Beginning January 1, 2022, health care providers and facilities are required to post a one-page notice with information on the prohibition on balance billing, any applicable State law regarding amounts the provider or facility may charge individuals, and contacts for State and Federal authorities to report any violations.
Fair and Honest Advance Cost Estimates
The Act requires providers and plans to provide “good faith estimates” of costs for scheduled health care services. Beginning January 1, 2022, if an individual schedules a health care service at least 3 business days before receiving care, the health care provider or facility performing the service must:
- Ask whether the individual in enrolled in a group health plan or Federal health care program (and if so, whether the individual plans to submit a claim for the service to their plan); and
- Provide notification of the good faith estimate of expected charges for the item or service to the individual’s plan or insurer (or to the individual if they are not enrolled in coverage).
For plan years beginning on or after January 1, 2022, plans that receive the provider’s notice of a scheduled service must provide an “advanced explanation of benefits” to the plan participant (through mail or electronically, as requested by the participant), which must contain the following information in clear and understandable language:
- Whether the provider or facility is in-network and the contracted rate under the plan for such item or service (if the requesting provider or facility is in-network) or a description of how the participant can obtain information on in-network providers or facilities (if the requesting provider or facility is out-of-network);
- The good faith estimate by the provider or facility (as outlined in the provider’s notice to the plan) and the good faith estimate of how much the plan will pay for the care, any cost-sharing by the plan participant, and the amount the plan participant already incurred toward their financial responsibilities under the plan (including deductibles and out-of-pocket maximums);
- If applicable, a disclaimer that coverage for such item or service is subject to prior authorization;
- A disclaimer that the information is only an estimate based on the items and services expected to the furnished and is subject to change; and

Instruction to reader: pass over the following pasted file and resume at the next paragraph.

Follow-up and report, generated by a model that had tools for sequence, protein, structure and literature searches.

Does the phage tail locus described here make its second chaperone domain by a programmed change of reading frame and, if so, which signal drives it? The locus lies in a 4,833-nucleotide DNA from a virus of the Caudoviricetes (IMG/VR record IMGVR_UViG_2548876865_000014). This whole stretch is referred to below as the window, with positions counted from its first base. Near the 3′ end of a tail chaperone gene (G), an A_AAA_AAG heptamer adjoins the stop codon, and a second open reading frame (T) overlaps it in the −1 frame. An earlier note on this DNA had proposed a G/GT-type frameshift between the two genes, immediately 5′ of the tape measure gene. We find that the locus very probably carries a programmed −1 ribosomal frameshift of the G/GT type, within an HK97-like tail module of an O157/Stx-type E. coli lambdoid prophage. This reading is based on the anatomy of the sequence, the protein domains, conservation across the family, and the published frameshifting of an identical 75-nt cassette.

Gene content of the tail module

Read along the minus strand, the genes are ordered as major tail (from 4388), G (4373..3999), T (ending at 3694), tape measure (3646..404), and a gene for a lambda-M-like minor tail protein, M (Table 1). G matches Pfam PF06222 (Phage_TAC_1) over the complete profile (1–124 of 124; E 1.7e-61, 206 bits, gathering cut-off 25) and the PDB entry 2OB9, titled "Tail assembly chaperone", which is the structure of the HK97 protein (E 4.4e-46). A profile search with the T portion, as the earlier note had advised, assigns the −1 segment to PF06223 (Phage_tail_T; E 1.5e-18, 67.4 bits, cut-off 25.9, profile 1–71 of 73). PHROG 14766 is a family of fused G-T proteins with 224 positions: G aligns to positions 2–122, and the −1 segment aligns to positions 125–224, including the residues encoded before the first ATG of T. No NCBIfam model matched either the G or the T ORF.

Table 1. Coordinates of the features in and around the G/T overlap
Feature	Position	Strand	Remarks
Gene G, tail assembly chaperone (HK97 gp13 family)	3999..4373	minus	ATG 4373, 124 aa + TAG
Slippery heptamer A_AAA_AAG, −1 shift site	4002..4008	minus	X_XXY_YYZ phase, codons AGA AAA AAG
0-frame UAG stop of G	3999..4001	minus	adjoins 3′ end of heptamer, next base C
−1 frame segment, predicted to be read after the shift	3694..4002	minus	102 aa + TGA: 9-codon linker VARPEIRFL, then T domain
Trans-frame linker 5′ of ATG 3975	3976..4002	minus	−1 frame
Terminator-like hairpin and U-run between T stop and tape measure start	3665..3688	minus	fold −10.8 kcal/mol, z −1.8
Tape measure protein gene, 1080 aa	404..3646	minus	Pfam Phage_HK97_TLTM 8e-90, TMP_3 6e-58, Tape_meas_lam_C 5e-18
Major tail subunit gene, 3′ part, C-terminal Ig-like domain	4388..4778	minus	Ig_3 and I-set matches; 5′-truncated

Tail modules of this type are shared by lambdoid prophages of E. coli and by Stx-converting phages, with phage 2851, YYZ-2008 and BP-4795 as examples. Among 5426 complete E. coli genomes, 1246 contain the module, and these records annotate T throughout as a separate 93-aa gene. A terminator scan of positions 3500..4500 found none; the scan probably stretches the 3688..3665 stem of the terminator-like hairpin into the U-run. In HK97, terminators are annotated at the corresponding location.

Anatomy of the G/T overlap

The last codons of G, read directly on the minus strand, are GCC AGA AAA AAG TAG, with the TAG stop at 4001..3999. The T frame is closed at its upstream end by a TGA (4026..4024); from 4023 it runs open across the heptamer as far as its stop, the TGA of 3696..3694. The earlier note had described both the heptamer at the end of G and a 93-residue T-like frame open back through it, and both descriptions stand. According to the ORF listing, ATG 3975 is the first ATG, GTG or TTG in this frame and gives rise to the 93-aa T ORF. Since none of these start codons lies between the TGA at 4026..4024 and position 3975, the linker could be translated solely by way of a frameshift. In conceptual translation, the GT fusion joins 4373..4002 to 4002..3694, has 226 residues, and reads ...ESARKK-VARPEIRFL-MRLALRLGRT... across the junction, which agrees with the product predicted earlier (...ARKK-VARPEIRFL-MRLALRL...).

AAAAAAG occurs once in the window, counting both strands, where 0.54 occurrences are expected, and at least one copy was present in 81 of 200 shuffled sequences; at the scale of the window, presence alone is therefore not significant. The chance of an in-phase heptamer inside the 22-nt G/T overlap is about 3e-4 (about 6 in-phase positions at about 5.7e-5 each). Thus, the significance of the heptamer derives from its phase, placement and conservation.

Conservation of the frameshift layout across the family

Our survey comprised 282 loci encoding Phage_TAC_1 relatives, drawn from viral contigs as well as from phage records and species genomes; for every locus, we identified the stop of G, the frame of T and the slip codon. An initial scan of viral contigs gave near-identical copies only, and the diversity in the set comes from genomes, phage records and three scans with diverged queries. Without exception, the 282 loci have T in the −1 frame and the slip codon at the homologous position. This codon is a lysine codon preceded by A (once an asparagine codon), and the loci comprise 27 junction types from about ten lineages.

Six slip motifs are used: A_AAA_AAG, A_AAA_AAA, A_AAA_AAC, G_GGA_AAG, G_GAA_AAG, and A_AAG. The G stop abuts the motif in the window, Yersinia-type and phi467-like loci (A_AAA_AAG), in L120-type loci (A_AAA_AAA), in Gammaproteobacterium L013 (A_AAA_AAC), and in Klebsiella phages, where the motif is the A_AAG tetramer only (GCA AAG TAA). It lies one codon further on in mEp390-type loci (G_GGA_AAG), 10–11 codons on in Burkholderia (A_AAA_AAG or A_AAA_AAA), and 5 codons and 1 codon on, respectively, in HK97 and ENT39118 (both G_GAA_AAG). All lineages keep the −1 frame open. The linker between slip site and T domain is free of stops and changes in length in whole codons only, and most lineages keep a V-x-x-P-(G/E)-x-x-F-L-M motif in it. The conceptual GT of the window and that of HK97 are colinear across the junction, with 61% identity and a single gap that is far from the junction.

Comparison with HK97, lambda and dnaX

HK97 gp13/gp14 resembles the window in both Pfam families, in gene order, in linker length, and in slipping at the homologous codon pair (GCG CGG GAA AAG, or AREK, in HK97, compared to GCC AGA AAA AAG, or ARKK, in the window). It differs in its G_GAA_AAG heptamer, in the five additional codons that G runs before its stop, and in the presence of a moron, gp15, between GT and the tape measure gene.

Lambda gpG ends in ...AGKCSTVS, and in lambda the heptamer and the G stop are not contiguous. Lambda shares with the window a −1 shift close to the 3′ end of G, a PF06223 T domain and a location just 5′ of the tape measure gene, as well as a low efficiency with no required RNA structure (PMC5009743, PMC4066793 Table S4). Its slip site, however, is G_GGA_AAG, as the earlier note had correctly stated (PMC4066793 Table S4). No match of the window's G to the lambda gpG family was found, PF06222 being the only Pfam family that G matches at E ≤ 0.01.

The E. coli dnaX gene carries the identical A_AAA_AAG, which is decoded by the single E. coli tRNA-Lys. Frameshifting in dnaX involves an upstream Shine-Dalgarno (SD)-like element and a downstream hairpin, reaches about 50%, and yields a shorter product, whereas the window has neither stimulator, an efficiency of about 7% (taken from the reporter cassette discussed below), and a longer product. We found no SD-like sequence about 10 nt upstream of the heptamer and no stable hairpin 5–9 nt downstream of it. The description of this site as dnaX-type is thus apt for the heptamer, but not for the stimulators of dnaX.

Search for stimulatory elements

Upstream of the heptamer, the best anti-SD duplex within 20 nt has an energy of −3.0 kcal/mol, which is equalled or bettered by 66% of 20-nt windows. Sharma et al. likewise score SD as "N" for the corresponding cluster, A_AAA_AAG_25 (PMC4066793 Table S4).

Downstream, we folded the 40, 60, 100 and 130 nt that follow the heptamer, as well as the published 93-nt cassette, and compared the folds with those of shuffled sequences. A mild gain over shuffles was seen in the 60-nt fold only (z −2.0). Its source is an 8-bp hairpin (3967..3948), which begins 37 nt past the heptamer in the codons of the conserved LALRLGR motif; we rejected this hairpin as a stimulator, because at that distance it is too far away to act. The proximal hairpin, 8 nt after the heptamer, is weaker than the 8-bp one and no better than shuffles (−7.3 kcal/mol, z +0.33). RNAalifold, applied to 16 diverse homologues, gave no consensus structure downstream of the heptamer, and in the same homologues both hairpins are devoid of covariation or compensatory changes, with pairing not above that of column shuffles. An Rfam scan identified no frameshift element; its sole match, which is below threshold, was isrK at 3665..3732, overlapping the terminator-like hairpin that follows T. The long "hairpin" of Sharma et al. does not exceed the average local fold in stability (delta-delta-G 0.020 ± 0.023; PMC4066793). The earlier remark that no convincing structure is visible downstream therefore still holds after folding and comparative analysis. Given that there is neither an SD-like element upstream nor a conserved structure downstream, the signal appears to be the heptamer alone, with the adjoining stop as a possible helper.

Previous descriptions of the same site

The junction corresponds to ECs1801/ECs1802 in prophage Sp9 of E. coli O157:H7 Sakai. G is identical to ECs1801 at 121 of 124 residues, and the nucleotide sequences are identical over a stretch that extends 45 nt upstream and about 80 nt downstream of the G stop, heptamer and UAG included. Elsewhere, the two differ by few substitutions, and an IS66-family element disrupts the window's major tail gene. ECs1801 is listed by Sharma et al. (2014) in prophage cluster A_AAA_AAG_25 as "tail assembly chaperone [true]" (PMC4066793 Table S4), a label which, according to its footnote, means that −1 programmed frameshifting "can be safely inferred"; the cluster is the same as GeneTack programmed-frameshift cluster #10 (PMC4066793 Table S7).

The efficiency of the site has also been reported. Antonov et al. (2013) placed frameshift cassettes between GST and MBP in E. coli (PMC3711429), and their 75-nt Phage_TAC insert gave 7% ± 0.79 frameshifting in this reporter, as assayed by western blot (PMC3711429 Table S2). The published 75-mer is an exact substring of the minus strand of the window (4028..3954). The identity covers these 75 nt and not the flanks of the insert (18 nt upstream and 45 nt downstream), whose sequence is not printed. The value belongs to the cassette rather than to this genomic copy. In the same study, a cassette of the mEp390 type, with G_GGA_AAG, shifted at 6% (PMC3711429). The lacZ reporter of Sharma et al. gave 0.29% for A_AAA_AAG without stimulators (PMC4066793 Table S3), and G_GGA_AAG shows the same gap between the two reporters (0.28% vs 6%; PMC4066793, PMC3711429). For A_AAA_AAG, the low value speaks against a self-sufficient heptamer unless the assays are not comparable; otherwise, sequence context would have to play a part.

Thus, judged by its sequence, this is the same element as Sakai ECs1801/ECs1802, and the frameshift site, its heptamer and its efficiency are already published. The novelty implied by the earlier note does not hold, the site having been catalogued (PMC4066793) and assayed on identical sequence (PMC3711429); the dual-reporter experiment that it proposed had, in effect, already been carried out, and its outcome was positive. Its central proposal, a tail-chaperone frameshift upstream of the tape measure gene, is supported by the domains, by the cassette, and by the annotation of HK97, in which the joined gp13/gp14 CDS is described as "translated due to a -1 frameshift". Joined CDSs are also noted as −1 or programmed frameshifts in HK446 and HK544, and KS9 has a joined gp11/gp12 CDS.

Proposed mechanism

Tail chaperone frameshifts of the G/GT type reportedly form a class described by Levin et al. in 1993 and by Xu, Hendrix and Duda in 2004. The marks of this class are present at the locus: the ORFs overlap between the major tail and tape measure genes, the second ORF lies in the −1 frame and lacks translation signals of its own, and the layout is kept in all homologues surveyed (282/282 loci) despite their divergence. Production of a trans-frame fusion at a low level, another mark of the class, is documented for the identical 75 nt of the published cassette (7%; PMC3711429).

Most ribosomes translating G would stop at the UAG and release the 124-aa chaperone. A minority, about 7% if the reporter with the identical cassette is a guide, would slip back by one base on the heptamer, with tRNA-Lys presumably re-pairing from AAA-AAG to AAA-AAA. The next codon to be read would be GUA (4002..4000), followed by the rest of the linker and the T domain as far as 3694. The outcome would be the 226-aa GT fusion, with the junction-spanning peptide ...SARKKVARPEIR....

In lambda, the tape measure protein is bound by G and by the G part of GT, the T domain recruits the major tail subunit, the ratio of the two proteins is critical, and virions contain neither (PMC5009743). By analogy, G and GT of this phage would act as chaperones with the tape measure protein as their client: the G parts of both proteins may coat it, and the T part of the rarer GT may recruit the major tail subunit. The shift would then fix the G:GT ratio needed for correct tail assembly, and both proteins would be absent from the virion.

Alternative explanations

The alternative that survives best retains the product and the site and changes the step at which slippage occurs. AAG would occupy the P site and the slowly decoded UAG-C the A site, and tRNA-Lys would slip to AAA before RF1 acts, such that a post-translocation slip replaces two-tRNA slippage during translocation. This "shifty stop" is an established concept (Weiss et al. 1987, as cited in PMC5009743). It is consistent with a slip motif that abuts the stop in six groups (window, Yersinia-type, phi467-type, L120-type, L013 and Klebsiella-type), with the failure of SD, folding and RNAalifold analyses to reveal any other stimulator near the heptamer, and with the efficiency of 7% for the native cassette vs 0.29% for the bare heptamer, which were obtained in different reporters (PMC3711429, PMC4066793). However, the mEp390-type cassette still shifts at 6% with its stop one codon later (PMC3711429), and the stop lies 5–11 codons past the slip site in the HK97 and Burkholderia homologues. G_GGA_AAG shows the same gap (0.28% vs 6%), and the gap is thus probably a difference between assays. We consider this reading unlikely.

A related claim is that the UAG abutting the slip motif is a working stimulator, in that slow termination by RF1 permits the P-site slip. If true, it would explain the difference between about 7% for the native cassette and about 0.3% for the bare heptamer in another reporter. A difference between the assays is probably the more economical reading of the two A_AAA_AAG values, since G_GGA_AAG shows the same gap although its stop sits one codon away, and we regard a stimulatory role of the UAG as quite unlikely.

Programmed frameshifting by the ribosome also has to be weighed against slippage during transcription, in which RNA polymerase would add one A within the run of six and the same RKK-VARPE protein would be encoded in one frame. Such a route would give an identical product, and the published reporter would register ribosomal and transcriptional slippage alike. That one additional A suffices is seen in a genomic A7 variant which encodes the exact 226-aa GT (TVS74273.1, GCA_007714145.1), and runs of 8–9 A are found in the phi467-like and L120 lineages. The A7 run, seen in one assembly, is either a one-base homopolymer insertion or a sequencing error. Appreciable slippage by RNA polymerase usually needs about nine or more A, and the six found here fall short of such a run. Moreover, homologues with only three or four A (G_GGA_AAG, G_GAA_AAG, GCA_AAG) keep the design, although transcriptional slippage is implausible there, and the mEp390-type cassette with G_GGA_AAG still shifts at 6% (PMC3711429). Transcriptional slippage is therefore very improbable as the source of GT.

- Any other information or disclaimer that is appropriate.
The plan must provide the notice to plan participants within a specified period and, in certain circumstances, no later than 1 business day after receiving the notice from the provider or facility.
Ensuring Continuity of Care for Terminating Providers and Facilities
For plans years beginning on or after January 1, 2022, when a provider or facility is removed from the plan’s network, the plan or issuer must do the following:
- Notify each plan participant who is a “continuing care patient” of the removal of the provider or facility from the plan’s network “on a timely basis” and their right to elect continued transitional care from the terminating provider or facility; and
- If elected by the plan participant, cover services by the terminating provider or facility under the same terms and conditions as would have applied if no termination occurred for 90 days from after the notice was provided or the date in which the individual is no longer a continuing care patient, whichever is earlier.
An individual is considered a “continuing care patient” when receiving care from the provider or facility while:
- Undergoing a course of treatment for a serious and complex condition;
- Undergoing a course of institutional or inpatient care;
- Scheduled to undergo non-elective surgery (including postoperative care);
- Pregnant and undergoing a course of treatment for the pregnancy; or
- Terminally ill and receiving treatment for such illness.
Transparency for Plan Deductibles and Out-of-Pocket Limits
For plan years beginning on or after January 1, 2022, group health plans or insurers must provide an identification card (whether in paper or electronic format) to plan participants with the following information in clear writing:
- Any deductible and out-of-pocket maximum limitation applicable to their plan; and
- A telephone number and website address where individuals can seek consumer assistance information (e.g., information related to in-network hospitals and urgent care facilities).
Price Comparison Tool
For plan years beginning on or after January 1, 2022, group health plans or insurers must offer guidance on price comparison by telephone and through a website. The price comparison tool must allow plan participants to compare the amount of cost-sharing for specific items and services by geographic region and in-network providers.
- Fully Insured Employers: Employers should ensure their carriers are implementing the required provisions under the Act for plan years beginning on or after January 1, 2022.
- Self-Insured Employers: Employers should work with their third-party administrator (TPA) or vendor to implement the Act’s group health plan requirements for plan years beginning on or after January 1, 2022.
- COVID-19 Stimulus Bill: Consolidated Appropriations Act, 2021 (December 20, 2020)
- Sequoia Blog: COVID-19 Stimulus Bill Signed into Law (December 28, 2020)
Disclaimer: This content is intended for informational purposes only and should not be construed as legal, medical or tax advice. It provides general information and is not intended to encompass all compliance and legal obligations that may be applicable. This information and any questions as to your specific circumstances should be reviewed with your respective legal counsel and/or tax advisor as we do not provide legal or tax advice. Please note that this information may be subject to change based on legislative changes. © 2020 Sequoia Benefits & Insurance Services, LLC. All Rights Reserved